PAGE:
I have always imagined what it would be like to have an older sibling who had amassed a huge record collection from a past era. A dark room with vinyl everywhere just collecting dust waiting for a new generation of little fingers to delve in and spin them at random. There would be a magnetism and curiosity in finding a record like Rob Mazurek Pulsar Quartet's latest release 'Stellar Pulsations'. Even before playing track one, the album cover and track titles evoke a certain mystery. A subject matter rarely explored anymore but would fit in an older sibling's aural library. So I blow the imaginary dust off of this one and give it a listen.
'Primitive Jupiter' is the first stop for this intergalactic rocket ship manned by Mazurek (cornet), Angelica Sanchez (piano), Matthew Lux (bass guitar), and John Herndon (drums). They have all been deck hands or in the engine room on Mazurek's much larger ship 'Exploding Star Orchestra' so they are all well versed in navigating through meteors and space junk. This first track is very strong on melody which is pounded out by Sanchez as Mazurek dances around it as if he is defying his own gravity, which is fitting based on Jupiter's size.
'Spiritual Mars' is my favorite track on the album. It is in a perpetual state of introduction. In order to see how this works you need not to look any further than the engine room. Both Lux with his electric bass and Herndon are adding fuel to the engine at a monstrous rate propelling the ship into an eight and a half minute take off. Mazurek tries to calm them down but the power from the rhythm section is just too relentless to contain.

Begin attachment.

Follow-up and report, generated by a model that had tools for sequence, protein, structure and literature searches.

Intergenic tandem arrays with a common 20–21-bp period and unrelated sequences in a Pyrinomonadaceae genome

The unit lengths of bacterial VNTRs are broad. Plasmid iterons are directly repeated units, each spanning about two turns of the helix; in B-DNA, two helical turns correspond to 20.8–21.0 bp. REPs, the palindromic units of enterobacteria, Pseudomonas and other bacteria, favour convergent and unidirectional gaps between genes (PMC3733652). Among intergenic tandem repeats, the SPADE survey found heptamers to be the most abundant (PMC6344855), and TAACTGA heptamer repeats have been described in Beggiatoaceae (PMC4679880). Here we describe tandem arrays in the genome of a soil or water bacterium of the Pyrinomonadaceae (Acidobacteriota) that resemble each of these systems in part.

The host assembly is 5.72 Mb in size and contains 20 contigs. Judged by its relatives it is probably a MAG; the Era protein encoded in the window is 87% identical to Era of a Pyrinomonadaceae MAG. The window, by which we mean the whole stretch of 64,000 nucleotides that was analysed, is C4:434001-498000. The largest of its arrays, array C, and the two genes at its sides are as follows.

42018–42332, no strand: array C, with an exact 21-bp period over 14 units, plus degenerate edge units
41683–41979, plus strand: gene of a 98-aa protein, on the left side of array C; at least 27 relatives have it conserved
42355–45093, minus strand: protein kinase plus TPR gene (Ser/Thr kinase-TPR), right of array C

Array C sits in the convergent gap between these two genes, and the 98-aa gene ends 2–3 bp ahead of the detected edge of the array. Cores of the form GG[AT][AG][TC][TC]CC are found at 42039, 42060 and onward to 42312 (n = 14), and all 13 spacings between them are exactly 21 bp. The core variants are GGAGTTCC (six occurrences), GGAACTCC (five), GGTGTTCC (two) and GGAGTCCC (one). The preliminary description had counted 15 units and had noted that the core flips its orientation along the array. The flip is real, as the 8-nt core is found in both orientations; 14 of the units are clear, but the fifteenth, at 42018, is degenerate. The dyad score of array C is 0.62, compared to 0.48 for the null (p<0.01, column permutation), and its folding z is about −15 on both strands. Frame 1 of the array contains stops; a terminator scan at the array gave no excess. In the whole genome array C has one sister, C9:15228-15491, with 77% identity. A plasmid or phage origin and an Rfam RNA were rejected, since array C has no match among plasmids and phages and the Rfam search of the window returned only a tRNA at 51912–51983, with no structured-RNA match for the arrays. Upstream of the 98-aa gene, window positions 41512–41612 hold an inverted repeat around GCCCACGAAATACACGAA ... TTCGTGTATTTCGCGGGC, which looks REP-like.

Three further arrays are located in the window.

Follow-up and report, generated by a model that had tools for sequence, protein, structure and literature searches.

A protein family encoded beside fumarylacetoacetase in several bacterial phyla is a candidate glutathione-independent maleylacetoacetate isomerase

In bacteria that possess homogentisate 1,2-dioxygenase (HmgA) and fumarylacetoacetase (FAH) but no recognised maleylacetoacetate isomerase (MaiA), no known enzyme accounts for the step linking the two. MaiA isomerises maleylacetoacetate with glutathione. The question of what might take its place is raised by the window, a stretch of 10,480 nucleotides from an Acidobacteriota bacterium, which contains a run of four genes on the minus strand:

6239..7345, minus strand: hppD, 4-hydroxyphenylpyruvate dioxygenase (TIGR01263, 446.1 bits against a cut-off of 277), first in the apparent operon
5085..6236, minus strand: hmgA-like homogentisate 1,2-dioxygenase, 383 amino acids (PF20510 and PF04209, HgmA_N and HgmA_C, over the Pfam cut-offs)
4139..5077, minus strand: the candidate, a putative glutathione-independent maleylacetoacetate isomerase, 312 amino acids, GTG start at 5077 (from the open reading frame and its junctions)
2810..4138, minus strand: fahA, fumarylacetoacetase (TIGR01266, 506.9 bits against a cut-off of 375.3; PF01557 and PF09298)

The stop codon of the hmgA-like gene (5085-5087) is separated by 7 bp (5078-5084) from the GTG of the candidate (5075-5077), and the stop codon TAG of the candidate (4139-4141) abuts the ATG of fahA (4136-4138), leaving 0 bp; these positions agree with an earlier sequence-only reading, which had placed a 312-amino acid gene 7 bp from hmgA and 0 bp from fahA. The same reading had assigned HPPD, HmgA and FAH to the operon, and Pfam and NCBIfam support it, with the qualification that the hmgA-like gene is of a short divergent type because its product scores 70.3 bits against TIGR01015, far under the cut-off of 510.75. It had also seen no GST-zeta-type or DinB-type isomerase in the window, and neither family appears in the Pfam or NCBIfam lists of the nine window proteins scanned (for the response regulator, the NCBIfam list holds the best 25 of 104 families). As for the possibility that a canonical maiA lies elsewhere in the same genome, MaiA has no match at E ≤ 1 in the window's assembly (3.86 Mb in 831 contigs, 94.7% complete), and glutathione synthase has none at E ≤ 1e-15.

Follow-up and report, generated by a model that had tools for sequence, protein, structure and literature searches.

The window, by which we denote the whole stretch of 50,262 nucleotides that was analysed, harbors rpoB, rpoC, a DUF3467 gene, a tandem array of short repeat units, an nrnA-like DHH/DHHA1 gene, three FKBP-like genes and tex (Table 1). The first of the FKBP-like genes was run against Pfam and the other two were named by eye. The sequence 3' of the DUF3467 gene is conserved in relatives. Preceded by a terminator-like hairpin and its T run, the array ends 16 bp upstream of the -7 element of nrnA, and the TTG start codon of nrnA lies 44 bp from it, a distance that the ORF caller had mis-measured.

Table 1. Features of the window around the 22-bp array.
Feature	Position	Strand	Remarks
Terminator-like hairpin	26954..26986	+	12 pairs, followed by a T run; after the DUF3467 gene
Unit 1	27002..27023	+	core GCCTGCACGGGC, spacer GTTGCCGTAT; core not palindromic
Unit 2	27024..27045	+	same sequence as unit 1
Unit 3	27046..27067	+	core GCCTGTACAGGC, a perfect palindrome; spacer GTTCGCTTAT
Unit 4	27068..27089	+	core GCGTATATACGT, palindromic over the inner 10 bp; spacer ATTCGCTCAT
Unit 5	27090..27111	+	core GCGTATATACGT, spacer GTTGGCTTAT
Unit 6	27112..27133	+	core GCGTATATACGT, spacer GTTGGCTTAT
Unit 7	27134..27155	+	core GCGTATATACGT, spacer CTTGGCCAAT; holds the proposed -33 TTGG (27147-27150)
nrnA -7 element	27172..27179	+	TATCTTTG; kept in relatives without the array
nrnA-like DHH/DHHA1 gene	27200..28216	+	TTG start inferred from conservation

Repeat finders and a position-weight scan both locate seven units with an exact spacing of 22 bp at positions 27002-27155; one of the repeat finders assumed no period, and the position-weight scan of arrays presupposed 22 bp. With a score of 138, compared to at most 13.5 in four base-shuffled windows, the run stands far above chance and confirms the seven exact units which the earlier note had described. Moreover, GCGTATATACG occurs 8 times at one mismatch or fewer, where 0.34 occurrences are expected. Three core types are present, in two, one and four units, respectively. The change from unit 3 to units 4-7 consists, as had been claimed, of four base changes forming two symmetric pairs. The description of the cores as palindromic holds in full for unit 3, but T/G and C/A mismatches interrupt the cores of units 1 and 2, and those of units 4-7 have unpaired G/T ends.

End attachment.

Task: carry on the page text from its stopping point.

Unfortunately, the tracks 'Magic Saturn' and 'Spanish Venus', are not to my taste. They head in a direction of simple melodic balladry and rhythms. Strong statements, but not for me. It sounds like the group are waiting for Mazurek to save them from themselves. He tries calm and restrained and also tries Mazurek Runs the Voodoo Down.
'Twister Uranus' demonstrates what Sanchez can bring to the cockpit of the ship. The opening is beautifully played by her. Actually her magic touch can be heard all over the recording by filling in little holes left by the others or painting large pictures when enough space opens up.
So I put the album in a dark room in hopes that one day a child of mine or a distant relative pulls it out and gives it a spin. I would love to hear how the next generation of space dreamers would analyze it.
A clip of them can be viewed here: